According to CDC historical data, distracted driving poses significant safety hazards and contributes to many accidents. In fact, more than 2,800 people are killed, and 400,000 are injured in crashes involving a distracted driver each year—equating to approximately eight deaths and 1,095 injuries per day.
These stats are very disturbing and when you combine them with recent survey data compiled by Nationwide, it is even more concerning!
The study from Nationwide found drivers are practicing poor driving behavior despite fears of others driving dangerously.
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Excerpts from from Nationwide Article: Survey reveals the importance of Distracted Driving Awareness Month
Distracted driving statistics
“Distracted driving is a common issue among drivers. In fact, over half of drivers admit to speeding or eating while driving over the past 12 months. Further, 1 in 5 or more have used their phone to text (22%) or call (35%) while behind the wheel These behaviors are particularly prevalent with Gen Z and Millennial drivers, who are more likely than other generations to use their phones while driving for calls, texts or social media.
In particular, 59% of Gen Z drivers admit being more impatient on the road than a year ago, 47% than they did a year ago, report driving faster and 47% admit to taking phone calls on a handheld device while driving over the past year. During the past year:
- 38% of Gen Z consumers admitted to looking at their phones more frequently while behind the wheel.
- 34% of Gen Z drivers admitted to video chatting while driving.
- 24% of Gen Z and 23% of Millennials admitted to using/checking social media while driving.”
Distracted driving behaviors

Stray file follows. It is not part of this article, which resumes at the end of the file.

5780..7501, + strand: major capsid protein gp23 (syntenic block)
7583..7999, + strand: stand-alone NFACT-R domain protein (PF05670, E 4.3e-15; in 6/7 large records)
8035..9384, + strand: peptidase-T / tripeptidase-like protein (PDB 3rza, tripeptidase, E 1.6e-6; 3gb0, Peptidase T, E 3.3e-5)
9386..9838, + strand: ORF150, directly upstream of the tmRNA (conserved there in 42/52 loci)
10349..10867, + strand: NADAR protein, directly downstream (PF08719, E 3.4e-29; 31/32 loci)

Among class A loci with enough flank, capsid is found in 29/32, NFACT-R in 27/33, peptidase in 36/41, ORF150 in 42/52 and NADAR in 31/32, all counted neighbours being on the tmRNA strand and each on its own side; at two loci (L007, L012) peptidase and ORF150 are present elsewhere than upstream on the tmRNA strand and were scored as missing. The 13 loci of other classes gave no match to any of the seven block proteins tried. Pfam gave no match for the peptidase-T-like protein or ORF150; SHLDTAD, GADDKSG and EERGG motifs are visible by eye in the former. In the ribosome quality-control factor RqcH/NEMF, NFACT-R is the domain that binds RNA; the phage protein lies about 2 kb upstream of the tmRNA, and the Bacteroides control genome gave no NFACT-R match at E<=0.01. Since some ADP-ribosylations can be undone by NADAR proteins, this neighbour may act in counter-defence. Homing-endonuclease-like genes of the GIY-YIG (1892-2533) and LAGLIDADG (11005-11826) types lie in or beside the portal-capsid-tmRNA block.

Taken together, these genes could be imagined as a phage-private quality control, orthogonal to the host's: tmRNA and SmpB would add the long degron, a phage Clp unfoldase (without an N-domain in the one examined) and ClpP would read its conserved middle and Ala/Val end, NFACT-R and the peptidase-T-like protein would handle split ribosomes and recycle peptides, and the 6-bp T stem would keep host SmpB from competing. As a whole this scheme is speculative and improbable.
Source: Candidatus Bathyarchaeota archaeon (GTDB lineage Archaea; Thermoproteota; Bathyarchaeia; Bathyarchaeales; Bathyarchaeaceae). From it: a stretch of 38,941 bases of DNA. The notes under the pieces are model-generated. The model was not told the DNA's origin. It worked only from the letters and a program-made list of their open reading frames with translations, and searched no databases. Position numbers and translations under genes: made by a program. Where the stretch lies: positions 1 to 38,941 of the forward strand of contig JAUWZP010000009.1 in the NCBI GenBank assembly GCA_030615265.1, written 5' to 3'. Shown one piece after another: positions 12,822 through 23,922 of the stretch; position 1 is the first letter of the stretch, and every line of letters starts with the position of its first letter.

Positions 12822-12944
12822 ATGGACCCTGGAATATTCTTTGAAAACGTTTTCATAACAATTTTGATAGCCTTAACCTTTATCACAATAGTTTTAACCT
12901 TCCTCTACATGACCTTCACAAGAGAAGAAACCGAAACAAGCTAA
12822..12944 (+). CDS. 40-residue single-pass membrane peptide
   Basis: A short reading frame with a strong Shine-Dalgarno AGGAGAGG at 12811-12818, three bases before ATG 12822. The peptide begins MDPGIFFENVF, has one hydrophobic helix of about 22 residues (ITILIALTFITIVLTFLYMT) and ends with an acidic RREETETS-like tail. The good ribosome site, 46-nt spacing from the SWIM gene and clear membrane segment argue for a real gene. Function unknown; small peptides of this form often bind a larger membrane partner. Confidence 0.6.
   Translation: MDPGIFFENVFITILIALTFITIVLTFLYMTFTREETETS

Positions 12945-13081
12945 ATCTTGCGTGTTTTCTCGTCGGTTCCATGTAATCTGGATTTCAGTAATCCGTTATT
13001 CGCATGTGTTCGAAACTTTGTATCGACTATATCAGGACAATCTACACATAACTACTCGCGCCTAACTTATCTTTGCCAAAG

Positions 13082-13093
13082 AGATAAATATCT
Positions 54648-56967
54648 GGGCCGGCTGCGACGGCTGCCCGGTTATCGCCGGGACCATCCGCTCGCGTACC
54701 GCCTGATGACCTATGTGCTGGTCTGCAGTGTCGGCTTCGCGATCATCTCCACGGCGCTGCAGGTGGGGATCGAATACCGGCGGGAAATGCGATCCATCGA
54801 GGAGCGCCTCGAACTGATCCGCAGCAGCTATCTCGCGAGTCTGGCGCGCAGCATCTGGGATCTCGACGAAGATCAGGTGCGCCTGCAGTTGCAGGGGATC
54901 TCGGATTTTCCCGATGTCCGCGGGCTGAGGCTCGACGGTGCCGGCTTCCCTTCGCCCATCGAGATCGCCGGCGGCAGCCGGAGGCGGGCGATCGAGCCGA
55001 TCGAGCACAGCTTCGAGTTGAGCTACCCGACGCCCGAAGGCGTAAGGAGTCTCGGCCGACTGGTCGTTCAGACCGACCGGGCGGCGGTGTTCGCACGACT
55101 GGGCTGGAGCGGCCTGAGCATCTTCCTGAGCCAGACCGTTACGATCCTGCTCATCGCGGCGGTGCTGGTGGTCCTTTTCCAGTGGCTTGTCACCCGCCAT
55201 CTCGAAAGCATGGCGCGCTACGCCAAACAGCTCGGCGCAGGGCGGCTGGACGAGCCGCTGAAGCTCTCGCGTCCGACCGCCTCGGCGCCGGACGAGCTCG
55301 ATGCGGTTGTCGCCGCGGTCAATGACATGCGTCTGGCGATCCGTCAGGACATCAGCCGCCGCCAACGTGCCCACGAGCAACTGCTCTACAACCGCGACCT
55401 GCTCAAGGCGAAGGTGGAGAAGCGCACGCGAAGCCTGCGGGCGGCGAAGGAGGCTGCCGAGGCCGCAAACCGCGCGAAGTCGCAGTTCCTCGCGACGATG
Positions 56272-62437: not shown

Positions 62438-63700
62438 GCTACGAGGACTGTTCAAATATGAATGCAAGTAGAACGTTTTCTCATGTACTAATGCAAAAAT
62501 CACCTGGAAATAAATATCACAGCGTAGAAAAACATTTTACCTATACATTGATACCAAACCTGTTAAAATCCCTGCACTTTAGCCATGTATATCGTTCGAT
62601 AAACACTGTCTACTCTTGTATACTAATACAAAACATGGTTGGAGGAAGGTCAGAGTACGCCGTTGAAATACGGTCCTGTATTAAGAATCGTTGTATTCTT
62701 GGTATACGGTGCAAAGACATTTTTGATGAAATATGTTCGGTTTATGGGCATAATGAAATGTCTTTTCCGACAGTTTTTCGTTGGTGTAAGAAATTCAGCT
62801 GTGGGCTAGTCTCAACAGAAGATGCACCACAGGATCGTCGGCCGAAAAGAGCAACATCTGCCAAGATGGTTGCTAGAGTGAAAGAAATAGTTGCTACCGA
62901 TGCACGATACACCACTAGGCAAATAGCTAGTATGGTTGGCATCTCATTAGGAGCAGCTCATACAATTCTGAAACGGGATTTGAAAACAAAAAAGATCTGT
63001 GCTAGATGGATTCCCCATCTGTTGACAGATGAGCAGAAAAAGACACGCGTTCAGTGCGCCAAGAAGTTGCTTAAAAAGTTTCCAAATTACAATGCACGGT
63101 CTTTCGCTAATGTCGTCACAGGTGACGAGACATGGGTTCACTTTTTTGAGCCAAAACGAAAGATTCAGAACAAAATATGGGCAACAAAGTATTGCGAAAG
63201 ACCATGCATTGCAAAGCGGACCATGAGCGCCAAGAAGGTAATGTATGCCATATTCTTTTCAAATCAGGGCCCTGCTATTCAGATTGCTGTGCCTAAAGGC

“Per Nationwide’s Survey, 86% of drivers rate their driving as very good or excellent, but this overlooks some concerning behaviors.
Approximately 38% of drivers say they are more impatient behind the wheel now than in 2022. Many admit to eating while driving (56%) or driving 10 mph over the speed limit (54%) during the past 12 months. And more than 1 in 5 (22%) report texting while driving or giving obscene gestures to other drivers (21%) during the same period. Additionally, 17% admitted to running a stop sign or red light, and 13% said they have video-chatted while driving.
As these unsafe road habits increase, driving has become more stressful. Around 9-in-10 say other drivers on the road are more aggressive, reckless, and drive faster than in 2022. Unsurprisingly, 61% say driving has become more stressful for them since last year due to these behaviors.
Not only have these driving behaviors created more distractions, but they’ve also led to more accidents. The most common reasons cited for accidents are aggressive or reckless driving practices, such as unsafe lane changing (18%), tailgating (15%), running red lights/stop signs (12%) and road rage.”
Overall, it’s evident that distracted driving is a significant concern for all motorists, threatening the safety of the roadways and creating challenges across the auto insurance industry. This a great reminder, how crucial it is for motorists to take this risk seriously and do what they can to reduce potential distractions behind the wheel.